Private flights to the ISS will soon be manned by retired astronauts.
NASA has changed its guidelines on private missions to the International Space Station or ISS to require retired astronauts to serve as mission commander on these trips. On Wednesday, the space agency issued a notice that has yet to be finalized but indicated that the goal was to improve passenger safety and lessen any strain on existing ISS operations.
NASA recommended retired astronauts to serve as mission commanders because they would provide “experienced guidance for the private astronauts during pre-flight preparation through mission execution,” Engadget reported. Other benefits of having retired astronauts as mission commanders on private flights to the ISS include new medical standards for private astronauts, increased lead time for private research projects, improvements to policies involving return cargo, and more time for private astronauts to adjust to microgravity.
New NASA Requirements Resulted from Learnings of Previous Private ISS Trip
NASA’s notice explained that these updates to the requirement for private flights to the ISS were drawn from “lessons learned” during the Axiom Space flight in April, wherein passengers paid $55 per head to fly on the first private astronaut mission to the space station. The two-week trip, which required passengers to conduct their own research, took a toll on the ISS crew and the Axiom crew, spurring NASA to create a new set of guidelines for private trips to the ISS.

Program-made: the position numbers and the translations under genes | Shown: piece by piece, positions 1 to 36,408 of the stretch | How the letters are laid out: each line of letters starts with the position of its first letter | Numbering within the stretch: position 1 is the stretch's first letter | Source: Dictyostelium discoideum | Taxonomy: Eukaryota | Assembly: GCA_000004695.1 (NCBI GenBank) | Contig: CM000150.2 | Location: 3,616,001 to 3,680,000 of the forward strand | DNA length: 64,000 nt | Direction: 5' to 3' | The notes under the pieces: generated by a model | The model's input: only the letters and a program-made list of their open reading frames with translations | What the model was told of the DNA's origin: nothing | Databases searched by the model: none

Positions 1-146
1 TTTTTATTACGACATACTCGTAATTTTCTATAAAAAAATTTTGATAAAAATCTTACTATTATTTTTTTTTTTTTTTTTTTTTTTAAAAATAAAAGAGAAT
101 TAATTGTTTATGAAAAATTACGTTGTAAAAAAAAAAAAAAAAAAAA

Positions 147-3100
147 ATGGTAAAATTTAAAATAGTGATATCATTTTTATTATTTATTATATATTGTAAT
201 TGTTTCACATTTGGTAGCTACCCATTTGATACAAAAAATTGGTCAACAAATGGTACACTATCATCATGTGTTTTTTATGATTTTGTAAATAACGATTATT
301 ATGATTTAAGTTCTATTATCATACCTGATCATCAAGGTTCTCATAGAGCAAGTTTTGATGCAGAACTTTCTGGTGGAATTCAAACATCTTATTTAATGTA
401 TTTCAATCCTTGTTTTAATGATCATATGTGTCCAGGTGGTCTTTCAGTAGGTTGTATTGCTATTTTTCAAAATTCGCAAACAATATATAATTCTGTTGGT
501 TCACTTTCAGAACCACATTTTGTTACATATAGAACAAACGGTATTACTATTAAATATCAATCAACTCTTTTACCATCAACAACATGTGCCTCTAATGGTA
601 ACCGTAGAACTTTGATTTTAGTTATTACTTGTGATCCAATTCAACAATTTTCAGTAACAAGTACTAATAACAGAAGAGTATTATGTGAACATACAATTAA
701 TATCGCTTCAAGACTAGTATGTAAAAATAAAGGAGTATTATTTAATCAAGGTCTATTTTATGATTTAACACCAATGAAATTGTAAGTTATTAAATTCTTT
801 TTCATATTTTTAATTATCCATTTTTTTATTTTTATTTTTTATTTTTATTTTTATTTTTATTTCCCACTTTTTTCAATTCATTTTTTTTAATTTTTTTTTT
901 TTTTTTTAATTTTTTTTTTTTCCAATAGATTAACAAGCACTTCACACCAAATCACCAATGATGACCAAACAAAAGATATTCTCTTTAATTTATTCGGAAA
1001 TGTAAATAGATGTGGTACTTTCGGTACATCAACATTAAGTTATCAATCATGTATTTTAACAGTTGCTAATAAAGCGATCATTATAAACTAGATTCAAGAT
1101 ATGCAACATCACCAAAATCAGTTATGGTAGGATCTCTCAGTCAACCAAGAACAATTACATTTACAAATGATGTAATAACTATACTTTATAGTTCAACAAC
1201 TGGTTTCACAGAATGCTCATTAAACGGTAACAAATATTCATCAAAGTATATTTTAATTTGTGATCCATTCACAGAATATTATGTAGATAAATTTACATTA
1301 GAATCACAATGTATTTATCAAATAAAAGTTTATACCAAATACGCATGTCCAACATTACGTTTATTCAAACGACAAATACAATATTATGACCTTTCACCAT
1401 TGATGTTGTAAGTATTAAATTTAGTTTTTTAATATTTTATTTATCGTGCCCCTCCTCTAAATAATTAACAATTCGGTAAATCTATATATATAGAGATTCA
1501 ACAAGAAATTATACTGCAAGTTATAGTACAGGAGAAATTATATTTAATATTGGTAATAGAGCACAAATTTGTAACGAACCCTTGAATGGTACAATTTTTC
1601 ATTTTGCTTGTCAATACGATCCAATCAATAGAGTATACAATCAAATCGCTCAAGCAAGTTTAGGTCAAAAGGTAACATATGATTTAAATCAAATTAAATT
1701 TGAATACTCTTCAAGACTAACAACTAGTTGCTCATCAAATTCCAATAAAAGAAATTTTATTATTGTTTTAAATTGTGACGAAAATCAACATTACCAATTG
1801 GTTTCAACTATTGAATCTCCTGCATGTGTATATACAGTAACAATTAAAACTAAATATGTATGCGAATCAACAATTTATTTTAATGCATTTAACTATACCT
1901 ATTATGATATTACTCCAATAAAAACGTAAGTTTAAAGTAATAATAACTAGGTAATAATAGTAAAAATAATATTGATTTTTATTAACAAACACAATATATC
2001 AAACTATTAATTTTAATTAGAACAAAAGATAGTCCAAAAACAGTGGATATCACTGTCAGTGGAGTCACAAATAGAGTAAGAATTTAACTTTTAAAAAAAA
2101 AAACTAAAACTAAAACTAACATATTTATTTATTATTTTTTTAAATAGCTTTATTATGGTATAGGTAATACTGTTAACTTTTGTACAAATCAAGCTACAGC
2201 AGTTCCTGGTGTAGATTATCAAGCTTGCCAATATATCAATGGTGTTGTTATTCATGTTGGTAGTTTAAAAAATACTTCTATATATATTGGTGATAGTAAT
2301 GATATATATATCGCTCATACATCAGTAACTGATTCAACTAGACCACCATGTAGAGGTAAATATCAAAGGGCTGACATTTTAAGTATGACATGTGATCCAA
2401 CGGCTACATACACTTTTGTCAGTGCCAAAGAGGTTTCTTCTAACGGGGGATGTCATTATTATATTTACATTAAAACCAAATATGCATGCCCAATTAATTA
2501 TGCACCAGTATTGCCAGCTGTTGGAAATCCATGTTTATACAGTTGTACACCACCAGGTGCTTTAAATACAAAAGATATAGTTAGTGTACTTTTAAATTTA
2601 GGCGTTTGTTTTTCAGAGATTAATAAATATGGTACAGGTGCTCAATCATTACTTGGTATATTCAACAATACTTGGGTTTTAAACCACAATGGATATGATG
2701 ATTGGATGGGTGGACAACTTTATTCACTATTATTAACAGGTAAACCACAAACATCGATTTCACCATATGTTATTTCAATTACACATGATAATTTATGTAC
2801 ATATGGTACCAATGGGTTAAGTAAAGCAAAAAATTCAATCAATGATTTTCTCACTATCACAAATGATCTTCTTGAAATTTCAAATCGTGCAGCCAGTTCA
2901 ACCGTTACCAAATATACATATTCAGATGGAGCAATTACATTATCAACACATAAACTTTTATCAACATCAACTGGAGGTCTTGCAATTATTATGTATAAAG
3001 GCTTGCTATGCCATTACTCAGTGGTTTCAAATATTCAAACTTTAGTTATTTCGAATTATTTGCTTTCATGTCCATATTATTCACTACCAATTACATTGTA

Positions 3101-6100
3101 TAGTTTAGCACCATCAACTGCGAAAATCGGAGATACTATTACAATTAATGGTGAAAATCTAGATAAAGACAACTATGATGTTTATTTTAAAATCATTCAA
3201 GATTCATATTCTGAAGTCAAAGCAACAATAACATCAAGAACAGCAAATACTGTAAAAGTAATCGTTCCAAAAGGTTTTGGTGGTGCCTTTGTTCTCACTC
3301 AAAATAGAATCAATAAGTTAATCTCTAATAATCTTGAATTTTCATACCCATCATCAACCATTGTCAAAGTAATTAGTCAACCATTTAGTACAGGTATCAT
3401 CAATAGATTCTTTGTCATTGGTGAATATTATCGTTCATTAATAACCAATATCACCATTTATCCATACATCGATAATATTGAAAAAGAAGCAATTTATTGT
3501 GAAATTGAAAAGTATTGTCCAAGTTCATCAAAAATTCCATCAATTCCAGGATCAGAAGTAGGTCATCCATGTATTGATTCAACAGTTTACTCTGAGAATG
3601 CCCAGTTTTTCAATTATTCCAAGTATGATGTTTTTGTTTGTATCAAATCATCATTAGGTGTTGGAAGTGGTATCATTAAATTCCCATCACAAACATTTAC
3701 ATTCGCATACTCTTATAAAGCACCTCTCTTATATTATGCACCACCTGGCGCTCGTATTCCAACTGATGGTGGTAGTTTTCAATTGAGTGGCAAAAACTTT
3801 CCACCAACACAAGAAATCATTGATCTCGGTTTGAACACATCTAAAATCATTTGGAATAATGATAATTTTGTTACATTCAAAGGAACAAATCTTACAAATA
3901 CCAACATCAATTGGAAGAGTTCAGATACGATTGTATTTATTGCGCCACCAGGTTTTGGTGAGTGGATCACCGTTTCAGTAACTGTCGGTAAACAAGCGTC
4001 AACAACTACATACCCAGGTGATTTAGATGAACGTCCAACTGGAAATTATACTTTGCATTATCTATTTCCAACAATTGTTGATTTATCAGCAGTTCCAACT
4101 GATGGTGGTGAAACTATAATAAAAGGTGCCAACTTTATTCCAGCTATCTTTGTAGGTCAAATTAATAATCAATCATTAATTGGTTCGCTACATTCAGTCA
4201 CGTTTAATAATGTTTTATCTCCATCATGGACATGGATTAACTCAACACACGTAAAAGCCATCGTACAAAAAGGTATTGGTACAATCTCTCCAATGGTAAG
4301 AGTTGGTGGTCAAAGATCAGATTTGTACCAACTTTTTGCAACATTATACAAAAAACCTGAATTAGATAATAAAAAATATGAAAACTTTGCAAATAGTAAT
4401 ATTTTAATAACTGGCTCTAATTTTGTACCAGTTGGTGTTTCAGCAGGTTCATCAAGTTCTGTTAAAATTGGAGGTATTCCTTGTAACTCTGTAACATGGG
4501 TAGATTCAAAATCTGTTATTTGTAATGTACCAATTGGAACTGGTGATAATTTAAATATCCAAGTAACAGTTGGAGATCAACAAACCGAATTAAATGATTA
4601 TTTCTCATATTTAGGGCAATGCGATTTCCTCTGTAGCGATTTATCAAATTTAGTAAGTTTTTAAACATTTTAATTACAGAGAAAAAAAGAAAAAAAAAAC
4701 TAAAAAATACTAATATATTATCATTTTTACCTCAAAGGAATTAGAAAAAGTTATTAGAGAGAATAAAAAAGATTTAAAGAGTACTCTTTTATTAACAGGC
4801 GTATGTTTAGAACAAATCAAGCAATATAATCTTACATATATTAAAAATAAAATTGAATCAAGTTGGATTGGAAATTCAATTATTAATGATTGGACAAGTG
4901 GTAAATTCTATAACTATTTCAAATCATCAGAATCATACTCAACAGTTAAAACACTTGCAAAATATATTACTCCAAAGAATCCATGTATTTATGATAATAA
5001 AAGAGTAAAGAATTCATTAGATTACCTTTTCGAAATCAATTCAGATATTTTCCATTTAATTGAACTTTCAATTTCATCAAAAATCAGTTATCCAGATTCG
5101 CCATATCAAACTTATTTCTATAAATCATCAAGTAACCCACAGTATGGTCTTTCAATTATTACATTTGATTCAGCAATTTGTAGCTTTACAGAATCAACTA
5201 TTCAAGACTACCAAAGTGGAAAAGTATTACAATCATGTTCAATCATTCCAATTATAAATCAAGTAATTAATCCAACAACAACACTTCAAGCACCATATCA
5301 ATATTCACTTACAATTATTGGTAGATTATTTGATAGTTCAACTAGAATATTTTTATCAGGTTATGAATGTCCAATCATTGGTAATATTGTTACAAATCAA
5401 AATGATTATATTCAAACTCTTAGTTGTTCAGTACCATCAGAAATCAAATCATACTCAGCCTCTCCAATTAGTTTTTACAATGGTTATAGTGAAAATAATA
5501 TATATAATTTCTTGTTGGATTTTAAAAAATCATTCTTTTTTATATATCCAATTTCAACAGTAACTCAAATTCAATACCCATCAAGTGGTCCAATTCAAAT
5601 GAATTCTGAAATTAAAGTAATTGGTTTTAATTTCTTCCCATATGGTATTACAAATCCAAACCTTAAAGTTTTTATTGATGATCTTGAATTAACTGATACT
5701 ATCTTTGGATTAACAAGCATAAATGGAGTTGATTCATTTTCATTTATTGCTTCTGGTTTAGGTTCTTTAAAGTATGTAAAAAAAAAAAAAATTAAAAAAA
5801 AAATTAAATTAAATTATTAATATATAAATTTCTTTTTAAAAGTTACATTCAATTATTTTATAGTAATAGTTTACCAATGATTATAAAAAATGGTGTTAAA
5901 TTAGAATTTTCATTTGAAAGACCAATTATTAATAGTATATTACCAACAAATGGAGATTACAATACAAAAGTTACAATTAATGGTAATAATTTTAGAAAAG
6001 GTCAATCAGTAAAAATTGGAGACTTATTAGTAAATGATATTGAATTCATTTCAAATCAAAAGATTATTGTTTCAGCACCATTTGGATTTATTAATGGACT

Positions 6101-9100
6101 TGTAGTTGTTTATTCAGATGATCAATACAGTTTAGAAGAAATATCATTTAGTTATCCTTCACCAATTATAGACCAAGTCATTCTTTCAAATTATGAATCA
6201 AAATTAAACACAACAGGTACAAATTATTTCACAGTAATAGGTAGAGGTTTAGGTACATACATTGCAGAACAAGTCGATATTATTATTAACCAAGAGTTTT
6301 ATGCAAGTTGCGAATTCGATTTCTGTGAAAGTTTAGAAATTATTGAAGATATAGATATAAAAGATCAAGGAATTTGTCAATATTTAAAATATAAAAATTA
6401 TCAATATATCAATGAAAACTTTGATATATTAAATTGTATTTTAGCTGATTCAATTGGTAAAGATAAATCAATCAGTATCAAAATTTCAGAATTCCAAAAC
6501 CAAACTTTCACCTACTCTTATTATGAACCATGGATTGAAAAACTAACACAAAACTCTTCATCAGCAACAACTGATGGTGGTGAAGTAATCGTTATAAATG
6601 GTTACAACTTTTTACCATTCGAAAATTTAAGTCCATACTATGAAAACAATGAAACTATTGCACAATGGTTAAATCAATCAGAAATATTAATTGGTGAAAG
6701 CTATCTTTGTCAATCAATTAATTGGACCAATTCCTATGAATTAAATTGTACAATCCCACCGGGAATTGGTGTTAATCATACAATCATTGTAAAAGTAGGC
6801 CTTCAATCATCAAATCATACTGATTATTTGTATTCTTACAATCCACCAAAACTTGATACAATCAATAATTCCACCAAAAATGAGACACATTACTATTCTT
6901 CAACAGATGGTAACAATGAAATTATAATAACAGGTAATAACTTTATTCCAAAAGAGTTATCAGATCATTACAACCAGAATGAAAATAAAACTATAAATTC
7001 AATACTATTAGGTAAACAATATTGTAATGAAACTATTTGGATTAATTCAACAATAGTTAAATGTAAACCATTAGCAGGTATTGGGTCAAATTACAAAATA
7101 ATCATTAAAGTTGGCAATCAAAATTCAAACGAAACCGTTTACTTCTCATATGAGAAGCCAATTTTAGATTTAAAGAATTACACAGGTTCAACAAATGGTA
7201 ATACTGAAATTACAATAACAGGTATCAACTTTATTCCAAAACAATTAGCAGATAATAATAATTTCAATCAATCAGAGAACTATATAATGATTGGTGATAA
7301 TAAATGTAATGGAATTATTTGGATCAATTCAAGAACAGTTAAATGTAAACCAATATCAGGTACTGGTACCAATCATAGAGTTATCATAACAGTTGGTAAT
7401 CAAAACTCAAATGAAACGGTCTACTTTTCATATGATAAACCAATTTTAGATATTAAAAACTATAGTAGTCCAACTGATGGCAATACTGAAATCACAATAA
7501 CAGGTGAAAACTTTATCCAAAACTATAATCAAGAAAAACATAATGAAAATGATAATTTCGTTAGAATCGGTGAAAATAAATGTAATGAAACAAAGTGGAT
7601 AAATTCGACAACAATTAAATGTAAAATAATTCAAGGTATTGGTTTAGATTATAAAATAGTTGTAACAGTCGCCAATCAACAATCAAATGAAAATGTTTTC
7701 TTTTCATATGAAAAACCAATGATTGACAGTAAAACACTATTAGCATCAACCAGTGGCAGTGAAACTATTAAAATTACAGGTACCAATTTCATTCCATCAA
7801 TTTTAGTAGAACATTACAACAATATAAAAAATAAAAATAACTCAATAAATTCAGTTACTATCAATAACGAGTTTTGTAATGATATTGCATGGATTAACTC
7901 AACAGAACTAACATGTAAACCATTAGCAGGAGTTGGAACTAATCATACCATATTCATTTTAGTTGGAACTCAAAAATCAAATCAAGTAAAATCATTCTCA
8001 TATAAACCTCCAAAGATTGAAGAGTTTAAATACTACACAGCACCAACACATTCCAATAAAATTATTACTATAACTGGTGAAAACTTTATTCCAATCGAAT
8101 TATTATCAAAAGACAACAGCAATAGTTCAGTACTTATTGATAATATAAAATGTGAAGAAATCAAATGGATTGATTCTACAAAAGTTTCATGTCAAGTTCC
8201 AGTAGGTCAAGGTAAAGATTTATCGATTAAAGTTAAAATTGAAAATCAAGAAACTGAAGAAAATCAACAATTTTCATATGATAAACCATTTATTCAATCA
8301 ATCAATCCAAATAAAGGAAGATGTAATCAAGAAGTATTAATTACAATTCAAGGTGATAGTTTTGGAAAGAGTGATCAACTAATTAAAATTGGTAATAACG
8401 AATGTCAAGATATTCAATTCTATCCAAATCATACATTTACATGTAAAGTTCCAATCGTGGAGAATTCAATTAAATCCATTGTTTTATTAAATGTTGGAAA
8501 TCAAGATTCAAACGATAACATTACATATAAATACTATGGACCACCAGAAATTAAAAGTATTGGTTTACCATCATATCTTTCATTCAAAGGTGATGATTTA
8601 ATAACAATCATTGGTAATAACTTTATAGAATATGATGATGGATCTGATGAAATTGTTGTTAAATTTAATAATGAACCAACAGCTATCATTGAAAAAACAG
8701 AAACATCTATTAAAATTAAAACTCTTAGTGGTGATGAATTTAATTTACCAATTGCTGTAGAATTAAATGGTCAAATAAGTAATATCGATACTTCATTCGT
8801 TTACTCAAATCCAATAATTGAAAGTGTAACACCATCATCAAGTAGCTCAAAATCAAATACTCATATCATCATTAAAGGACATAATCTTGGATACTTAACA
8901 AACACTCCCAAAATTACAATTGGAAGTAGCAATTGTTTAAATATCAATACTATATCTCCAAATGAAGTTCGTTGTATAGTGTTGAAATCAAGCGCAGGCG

The Axiom Space flight was helmed by former NASA astronaut Michael López-Alegría, who now serves as the Chief Astronaut at the Texas-based private space company. Axiom had already been considering equipping future missions with a professional astronaut because it would free up another seat for more paying passengers on board, the company’s president Michael Suffredini said during a press conference earlier this year
NASA’s new requirement of having retired astronauts serve as mission commander on private trips to the ISS is seen as an effort to prevent unsupervised missions to the International Space Station.
Axiom Shares Learnings From Previous Private Space Flights
Axiom is set to host another private mission to the ISS in 2023, which will be manned by former NASA astronaut Peggy Whitson as mission commander, CBS News reported. But before then, they are expected to apply several learnings from the previous private flights to the ISS to the next one.
Axiom or Ax-1 crew Larry Connor admitted that on the previous mission, they were “way too aggressive on our schedule,” with López-Alegría agreeing, adding that it was truly “fast-paced.” The arrival of the people on board the private space flight also impacted the daily workload of the ISS crew.
Back in May, former NASA astronaut and member of the Aerospace Safety Advisory Panel Susan Helms remarked that there were costs involved in how the private flights to the ISS caused “overly stressing [of] the workload” of the crewmembers on the space station as well as the mission controllers who supported them.
There are currently more than 200 retired living NASA astronauts today, but it remains unclear how many of them would be capable enough to serve as mission commander on future private flights to the ISS.